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Determining the Age-At-Death of Infants, Children, and Teens

Researchers have developed a tool that uses dental remains to accurately determine the age-at-death of the young and very young.
Date Published
April 16, 2024

Despite decades of research, determining the age-at-death of skeletal remains of individuals ranging from birth to about 20 years old (referred to in forensics as subadults) has proven daunting for forensic investigators. A team of researchers led by anthropologists Nicholas Herrmann, Texas State University, and Joseph Hefner, Michigan State University, has developed a statistical framework that enables more precise age estimations.

Herrmann’s project, supported by National Institute of Justice (NIJ) grant 2018-DU-BX-0182, created a large reference sample of developmental dental data from diverse international populations. It also addressed common issues encountered in forensic casework, such as missing teeth, that can both inform and restrict the ability of accurately estimating a decedent's dental age.

The project examines dental development within a transitional analysis framework that allows for statistical rigor in analyzing dental radiographs of individuals from the United States, Europe, and Africa. The researchers’ primary goal is to update existing dental modeling with a reference database that uses a representative sample from modern populations “to aid in forensic identification of subadult human remains.” The project examined the “age-at-transition” values of development for three baby and 10 permanent teeth in subadults. By focusing on specific teeth, the researchers created “the most appropriate numerical parameters from which to most accurately estimate age.”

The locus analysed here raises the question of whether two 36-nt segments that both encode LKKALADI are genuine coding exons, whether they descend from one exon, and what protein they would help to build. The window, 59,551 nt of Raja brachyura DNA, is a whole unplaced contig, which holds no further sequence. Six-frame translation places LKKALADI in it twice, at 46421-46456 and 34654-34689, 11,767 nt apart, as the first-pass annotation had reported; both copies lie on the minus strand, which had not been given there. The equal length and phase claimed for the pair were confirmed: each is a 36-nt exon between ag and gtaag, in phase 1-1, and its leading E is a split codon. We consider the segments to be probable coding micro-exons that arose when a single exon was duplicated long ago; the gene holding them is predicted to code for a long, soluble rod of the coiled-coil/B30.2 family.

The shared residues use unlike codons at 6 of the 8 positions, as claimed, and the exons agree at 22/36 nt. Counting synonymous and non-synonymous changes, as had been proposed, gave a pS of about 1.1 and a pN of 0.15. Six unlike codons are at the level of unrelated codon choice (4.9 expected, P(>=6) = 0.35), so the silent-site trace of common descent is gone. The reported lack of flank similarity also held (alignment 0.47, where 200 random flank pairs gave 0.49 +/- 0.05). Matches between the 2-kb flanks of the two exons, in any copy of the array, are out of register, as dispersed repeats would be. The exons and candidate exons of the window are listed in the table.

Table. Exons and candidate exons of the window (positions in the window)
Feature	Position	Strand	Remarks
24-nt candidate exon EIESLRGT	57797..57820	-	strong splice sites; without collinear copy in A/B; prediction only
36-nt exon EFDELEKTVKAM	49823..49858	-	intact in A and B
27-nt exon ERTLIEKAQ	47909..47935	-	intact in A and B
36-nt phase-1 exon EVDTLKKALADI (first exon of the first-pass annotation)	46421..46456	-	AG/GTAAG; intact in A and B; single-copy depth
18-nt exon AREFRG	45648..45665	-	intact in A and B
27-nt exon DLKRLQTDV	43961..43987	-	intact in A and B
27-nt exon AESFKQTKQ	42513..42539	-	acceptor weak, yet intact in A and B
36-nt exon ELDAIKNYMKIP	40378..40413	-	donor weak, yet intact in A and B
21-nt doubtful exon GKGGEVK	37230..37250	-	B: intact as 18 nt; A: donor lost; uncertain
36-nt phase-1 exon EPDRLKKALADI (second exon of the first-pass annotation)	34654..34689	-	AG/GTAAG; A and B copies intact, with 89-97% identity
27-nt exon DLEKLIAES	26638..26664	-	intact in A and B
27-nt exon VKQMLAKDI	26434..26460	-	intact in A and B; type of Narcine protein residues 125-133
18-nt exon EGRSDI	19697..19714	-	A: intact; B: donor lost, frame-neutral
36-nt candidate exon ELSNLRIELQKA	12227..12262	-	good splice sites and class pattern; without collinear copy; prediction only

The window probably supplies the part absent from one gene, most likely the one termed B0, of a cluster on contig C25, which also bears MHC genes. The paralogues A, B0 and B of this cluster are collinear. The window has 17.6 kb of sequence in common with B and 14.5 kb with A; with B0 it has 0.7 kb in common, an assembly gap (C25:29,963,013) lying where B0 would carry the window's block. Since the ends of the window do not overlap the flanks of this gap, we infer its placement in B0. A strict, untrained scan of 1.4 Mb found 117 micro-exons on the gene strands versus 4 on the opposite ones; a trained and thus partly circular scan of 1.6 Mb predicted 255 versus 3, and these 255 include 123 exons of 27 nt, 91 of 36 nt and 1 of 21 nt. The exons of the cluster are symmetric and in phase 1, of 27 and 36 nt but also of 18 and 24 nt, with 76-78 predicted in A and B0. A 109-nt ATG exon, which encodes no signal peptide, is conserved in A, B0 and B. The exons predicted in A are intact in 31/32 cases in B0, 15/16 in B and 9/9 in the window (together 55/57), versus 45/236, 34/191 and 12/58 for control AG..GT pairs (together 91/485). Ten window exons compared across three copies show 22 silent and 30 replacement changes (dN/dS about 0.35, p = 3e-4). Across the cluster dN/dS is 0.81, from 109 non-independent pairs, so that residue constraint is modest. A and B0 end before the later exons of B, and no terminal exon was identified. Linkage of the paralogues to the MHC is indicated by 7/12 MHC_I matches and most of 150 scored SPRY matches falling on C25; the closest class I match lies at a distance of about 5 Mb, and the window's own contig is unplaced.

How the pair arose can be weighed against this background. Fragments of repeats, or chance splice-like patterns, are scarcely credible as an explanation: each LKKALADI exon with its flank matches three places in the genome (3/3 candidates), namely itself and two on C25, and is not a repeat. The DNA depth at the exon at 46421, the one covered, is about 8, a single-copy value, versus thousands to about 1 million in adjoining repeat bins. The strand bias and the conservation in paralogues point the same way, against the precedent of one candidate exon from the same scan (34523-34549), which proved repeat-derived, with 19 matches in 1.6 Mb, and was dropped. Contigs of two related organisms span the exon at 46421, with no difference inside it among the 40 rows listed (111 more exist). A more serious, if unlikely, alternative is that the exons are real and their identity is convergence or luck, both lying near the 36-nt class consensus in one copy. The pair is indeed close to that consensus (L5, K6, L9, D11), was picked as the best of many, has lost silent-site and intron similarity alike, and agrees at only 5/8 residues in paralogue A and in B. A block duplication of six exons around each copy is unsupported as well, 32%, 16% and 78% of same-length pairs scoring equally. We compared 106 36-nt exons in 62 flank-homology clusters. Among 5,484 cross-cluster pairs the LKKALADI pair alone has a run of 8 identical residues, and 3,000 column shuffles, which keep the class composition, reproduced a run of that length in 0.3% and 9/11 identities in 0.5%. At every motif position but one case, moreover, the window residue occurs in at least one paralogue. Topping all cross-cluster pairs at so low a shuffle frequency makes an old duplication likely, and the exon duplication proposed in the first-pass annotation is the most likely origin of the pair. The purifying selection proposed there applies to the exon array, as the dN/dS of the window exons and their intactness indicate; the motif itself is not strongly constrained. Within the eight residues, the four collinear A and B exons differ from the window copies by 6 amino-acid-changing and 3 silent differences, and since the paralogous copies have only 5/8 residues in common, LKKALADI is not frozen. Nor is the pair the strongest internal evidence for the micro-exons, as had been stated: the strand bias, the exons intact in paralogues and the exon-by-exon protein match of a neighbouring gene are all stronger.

The researchers had collected almost 12,000 radiographs when they submitted their final report to NIJ in May 2023 and anticipate having more than 13,500 images when they complete the project. The data represent subadults from various ethnic and socioeconomic backgrounds, including African American, European American, American Hispanic, British, and South African.

The resulting database is the basis for the Transition Analysis Dental Age (TADA) estimation tool, a publicly available online tool for estimating age using dental development codes. The NIJ-funded TADA website provides “forensic practitioners with an accurate age estimation method based on a large, demographically diverse, modern subadult sample that captures the variation in dental development.” 

Forensic investigators score teeth using a developmental code and then run an age analysis. “The final estimation includes a maximum likelihood age estimate based on the tooth stage of each tooth present,” the researchers said. It gives confidence levels of 90% or 95%, depending on the specific measurements.

Given that subadults represent a large portion of the missing and unidentified persons in the United States, it is important to improve several different identification methods. “Because it is not yet possible to reliably determine sex in subadult skeletal remains (outside of DNA analysis) and very little research has been conducted on determining ancestry for these individuals,” the researchers said, “age determination is currently the most reliable method of narrowing down candidate lists for identification.”

The TADA tool not only produces the most accurate age-at-death estimation possible, it also “will meet the Daubert standards for expert witness testimony,” the researchers said. Trial judges use the Daubert standard to determine if expert testimony has a valid scientific basis. The researchers have also consulted with a forensic odontologist to ensure that the TADA method conforms to American Board of Forensic Odontology standards.

Herrmann’s team continues to expand the database by working with institutions in India, Cyprus, and Guatemala. They intend to look at the impact of socioeconomic status on dental development in subadults to determine if there is a relationship between dental score patterns and demographic parameters, such as sex and ancestry.

About This Article

The research described in this article was funded by NIJ award 2018-DU-BX-0182, awarded to Texas State University, San Marcos, Texas. This article was based on the grantee report “Investigation of Subadult Dental Age-at-death Estimation using Transitional Analysis and Machine Learning Methods,” by Nicholas P. Herrmann and Joseph Hefner. 

Date Published: April 16, 2024